By now, K-Dramas are infamous for their love-lines. And not always for the best of reasons. They can be quite predictable, can’t they? The same structure (female lead who’s either too feisty or too sweet, first male lead who doesn’t treat her with the greatest delicacy, and the loveable second male lead who’s doomed in love from the start). The same predictable characters with exhausted stock personalities. And the same dead-fish kiss (The Heirs, anyone?)

Individualist Ms Jiyoung (or, the Happy Loner) is a mini-drama focusing around the love of two characters. So you’d think it’s something you’ve already seen, right? Well, this two-episode drama premiered in May 2017 and, in the year since I first watched it, I haven’t stopped singing its praises.

True to form, the plot is simple and predictable. Jiyoung (Min Hyorin) is a loner; she doesn’t believe in the magic of love, and her one relationship goes down the drain pretty quickly. She lives right next door to Byuksoo (Gong Myung) a happy-go-lucky kind of guy who cycles through relationships like he’s getting paid for it.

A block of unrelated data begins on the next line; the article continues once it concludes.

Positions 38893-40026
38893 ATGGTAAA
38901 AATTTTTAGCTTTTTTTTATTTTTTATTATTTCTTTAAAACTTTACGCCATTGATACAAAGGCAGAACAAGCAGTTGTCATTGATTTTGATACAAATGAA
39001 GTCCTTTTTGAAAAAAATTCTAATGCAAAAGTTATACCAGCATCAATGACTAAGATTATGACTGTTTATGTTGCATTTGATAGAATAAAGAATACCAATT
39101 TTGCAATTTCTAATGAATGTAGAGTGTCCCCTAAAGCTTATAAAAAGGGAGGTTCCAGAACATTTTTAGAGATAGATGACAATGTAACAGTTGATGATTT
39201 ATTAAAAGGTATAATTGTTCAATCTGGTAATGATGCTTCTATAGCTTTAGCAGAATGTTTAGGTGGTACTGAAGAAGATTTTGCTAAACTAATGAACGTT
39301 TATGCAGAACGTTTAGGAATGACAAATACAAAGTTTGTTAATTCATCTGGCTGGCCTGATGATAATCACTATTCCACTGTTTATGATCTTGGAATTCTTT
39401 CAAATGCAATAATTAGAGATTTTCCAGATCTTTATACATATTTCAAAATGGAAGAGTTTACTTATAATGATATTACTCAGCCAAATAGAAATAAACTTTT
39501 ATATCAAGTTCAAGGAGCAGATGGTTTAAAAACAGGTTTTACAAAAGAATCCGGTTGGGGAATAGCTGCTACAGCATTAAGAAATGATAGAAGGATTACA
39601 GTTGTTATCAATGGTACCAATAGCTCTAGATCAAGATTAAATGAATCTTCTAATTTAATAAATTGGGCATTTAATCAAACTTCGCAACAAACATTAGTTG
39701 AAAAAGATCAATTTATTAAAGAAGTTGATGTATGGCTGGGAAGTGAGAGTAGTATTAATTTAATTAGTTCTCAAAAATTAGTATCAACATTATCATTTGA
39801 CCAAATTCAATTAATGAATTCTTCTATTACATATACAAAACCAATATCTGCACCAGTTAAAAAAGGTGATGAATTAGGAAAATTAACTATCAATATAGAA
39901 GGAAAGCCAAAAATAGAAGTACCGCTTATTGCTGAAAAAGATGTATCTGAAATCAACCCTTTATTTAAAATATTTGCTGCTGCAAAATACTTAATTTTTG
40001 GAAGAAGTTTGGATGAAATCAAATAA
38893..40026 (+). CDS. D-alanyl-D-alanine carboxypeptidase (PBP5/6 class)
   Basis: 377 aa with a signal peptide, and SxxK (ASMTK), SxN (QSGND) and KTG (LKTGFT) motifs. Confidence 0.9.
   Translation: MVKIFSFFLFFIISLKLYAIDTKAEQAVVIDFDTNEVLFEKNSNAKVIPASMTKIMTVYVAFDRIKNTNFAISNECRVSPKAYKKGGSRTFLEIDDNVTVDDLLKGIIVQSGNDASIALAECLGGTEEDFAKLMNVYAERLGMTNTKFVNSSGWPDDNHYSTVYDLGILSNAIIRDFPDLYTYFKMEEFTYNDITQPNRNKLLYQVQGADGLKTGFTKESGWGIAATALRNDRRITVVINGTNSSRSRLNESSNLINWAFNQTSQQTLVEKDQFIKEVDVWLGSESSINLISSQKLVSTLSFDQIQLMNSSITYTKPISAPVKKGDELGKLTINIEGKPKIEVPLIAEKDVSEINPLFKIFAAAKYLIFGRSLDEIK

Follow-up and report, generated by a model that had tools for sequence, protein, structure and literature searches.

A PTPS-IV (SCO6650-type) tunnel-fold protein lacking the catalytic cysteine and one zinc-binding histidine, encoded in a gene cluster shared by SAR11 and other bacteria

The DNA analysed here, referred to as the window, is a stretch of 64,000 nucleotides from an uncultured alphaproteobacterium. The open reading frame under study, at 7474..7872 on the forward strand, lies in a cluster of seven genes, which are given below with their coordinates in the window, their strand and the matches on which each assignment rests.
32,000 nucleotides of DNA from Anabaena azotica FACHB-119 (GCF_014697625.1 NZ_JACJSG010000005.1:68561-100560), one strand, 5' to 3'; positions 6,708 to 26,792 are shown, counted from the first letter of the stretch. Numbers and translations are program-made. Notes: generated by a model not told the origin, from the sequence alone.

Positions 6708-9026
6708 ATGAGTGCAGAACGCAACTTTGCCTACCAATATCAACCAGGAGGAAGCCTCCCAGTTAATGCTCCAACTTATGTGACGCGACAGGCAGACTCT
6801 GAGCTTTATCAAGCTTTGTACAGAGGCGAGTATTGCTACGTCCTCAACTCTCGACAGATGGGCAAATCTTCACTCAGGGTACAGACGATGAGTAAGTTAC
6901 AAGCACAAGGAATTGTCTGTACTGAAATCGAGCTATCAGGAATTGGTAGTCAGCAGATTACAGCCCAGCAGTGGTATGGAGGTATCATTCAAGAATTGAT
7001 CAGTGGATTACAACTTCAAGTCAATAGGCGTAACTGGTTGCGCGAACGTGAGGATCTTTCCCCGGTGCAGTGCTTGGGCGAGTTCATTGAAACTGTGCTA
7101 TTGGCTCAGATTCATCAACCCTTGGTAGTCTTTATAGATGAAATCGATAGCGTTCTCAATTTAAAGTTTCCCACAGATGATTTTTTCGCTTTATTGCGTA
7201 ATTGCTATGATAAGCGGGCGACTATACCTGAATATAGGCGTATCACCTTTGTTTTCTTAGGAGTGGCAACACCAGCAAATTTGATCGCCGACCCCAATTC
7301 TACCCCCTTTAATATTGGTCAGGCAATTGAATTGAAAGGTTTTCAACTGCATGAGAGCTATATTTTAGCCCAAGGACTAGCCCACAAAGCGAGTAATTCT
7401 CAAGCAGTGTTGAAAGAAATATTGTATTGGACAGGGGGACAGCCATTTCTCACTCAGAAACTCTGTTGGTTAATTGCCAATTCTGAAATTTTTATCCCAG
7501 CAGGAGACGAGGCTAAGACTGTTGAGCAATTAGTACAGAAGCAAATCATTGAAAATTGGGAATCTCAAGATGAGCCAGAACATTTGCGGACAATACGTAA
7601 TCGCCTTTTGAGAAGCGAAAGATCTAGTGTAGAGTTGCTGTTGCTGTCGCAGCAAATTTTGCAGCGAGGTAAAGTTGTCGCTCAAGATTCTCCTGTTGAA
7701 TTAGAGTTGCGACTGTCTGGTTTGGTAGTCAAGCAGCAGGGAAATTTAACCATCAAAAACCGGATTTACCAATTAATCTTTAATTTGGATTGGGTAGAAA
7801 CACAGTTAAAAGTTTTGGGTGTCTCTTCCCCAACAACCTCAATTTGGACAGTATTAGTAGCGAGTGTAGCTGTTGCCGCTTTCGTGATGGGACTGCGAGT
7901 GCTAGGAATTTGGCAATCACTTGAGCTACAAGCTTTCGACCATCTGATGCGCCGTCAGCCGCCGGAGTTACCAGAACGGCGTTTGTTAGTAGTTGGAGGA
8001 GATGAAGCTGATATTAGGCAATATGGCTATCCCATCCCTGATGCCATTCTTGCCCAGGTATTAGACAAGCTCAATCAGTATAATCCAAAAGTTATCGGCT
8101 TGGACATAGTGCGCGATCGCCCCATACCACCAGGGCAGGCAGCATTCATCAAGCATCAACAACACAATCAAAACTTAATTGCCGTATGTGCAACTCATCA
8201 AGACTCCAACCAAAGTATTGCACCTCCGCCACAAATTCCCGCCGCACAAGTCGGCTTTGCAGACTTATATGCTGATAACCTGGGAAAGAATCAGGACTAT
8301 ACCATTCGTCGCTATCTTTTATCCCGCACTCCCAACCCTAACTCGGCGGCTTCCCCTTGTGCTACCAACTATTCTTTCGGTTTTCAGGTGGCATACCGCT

But the plot isn’t what matters. It’s these two characters. This is an incredibly realistic and poignant drama because the leading characters are incredibly realistic and poignant.

Min Hyorin takes on the fantastic transition of Jiyoung pretending to be disillusioned with life to being honest about her fear of people’s judgements. Hyorin the strongest actor in Individualist, bu this doesn’t mean that Gong Myung doesn’t pull his weight either.

This drama turns the point of ‘what makes someone happy’ on its head. It plays with your expectations (even though you think you know what you’re expecting) because it’s all about the small details. Jiyoung keeps her distance from people, but she’s a nurse, caring for patients she’ll never truly know. And when her heart lightens and she hesitantly welcomes human intimacy, her scenes with Byuksoo pales in comparison to the emotional potency of her interactions with her coworkers.

Both characters are far more complex than we’re used to seeing from a typical drama. But then, this isn’t a typical drama. It’s shot like a film and explored like a long book – exposing intricate understanding of the characters layer by layer until you can’t help but fall in love with them too.


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